Has our series of blog posts celebrating Shakespeare inspired you to learn more more about him? You are in luck because there are a lot of primary and secondary sources related to Shakespeare that you can use in your research!
In fact there is so much information out there that you will actually want to give some thought about how to narrow your research. One way I would suggest doing this is to give some careful thought to the subject headings you use. Here are some suggestions that I have:
Shakespeare, William, 1564-1616–Biography
Shakespeare, William, 1564-1616–Characters
Shakespeare, William, 1564-1616–Comedies
Shakespeare, William, 1564-1616–Criticism and interpretation
Shakespeare, William, 1564-1616–Poetic works
Shakespeare, William, 1564-1616–Political and social views
Shakespeare, William, 1564-1616–Stage history
Shakespeare, William, 1564-1616–Tragedies
There are also several very specific Shakespeare related sources to use, such as:
World Shakespeare Bibliography Online. Provides annotated entries for all important books, articles, book reviews, dissertations, theatrical productions, reviews of productions, audiovisual materials, electronic media, and other scholarly and popular materials related to Shakespeare.
Editions and Adaptations of Shakespeare. The complete text of eleven major editions of Shakespeare’s works from the First Folio to the Cambridge edition of 1863-6, twenty four separate contemporary printings of individual plays, selected apocrypha and related works and more than 100 adaptations, sequels, and burlesques from the seventeenth, eighteenth, and nineteenth centuries.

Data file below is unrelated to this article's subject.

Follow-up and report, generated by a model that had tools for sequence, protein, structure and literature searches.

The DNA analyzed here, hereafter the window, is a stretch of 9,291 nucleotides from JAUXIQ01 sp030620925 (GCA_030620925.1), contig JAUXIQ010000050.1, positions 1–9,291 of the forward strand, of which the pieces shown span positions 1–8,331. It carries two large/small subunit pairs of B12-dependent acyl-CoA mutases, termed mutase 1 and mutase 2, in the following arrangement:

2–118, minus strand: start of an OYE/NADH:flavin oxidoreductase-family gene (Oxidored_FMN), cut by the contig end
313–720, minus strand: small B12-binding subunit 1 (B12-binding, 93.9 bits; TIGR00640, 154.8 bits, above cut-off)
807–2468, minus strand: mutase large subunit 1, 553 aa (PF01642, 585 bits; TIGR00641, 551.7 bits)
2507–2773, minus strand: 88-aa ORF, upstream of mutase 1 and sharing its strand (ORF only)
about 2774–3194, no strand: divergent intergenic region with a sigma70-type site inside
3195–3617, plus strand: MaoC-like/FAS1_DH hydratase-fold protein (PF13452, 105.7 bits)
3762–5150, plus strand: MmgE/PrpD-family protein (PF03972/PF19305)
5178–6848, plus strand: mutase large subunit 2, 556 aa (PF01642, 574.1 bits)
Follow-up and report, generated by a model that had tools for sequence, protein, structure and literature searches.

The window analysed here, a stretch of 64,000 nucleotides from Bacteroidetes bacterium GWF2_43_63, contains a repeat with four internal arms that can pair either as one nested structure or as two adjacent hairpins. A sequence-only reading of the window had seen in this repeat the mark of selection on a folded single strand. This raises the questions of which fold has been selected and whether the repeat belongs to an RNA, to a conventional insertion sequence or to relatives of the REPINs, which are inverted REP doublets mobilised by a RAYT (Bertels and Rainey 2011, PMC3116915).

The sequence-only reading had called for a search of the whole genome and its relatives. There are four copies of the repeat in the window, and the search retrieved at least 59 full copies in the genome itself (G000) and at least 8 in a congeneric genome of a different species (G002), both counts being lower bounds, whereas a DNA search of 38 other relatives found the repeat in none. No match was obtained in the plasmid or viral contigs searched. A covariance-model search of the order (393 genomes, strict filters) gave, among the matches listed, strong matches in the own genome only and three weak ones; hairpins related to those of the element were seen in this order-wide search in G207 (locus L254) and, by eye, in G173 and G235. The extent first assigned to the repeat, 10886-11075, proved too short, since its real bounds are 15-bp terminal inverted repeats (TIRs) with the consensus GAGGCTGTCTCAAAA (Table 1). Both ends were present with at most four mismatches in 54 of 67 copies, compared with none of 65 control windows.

Shakespeare Quarterly. Founded in 1950 by the Shakespeare Association of America, Shakespeare Quarterly is a refereed journal committed to publishing articles in the vanguard of Shakespeare studies.
Shakespeare Studies. An international volume of essays, studies and reviews dealing with the cultural history of early modern England and the place of Shakespeare’s production in it.
Shakespeare Survey. A series of Shakespeare studies and production. Since 1948 Survey has published the best international scholarship in English and many of its essays have become classics of Shakespeare criticism.
BBC Shakespeare Plays. Click on “Institution Access” tab to access this database. Between 1978 and 1985, the BBC televised the entire Shakespeare canon of 37 plays. View these acclaimed productions streamed online, as each boasts some of the richest talent in 20th century British theatre and television.
You may also want to look at the historical context that Shakespeare lived in. I have two recommendations for this. One is starting with some of the literature resources I have listed on my Medieval and Early Modern page on my Literature guide. Another is to go to the more complete Medieval and Renaissance Studies guide.
Another avenue of research is to check out some of the materials in the Rubenstein Library.
Finally there are several really great websites that you might find useful:
There’s a rich amount of information to be found on the Folger Shakespeare Library’s website. A good place to get a sense of what is available is to check out this recent blog post called “Explore Duke’s connection to the Folger Shakespeare Library.”
The MIT Global Shakespeares Video & Performance Archive is a collaborative project providing online access to performances of Shakespeare from many parts of the world as well as essays and metadata by scholars and educators in the field.
The Internet Shakespeare Editions (ISE) is a non-profit scholarly website publishing in three main areas: Shakespeare’s plays and poems, Shakespeare’s life and times, and Shakespeare in performance. Duke University Libraries is a Friend of the ISE.
The Shakespeare Quartos Archive. A digital collection of pre-1642 editions of William Shakespeare’s plays. A cross-Atlantic collaboration has also produced an interactive interface for the detailed study of these geographically distant quartos, with full functionality for all thirty-two quarto copies of Hamlet held by participating institutions.
I don’t know how long this tool will be available, but JSTOR has this fun Understanding Shakespeare site where they are connecting digital texts from the Folger Shakespeare Library with articles on JSTOR.
Continue your exploration of Shakespeare by joining us on April 15th at the Shakespeare Everywhere reading!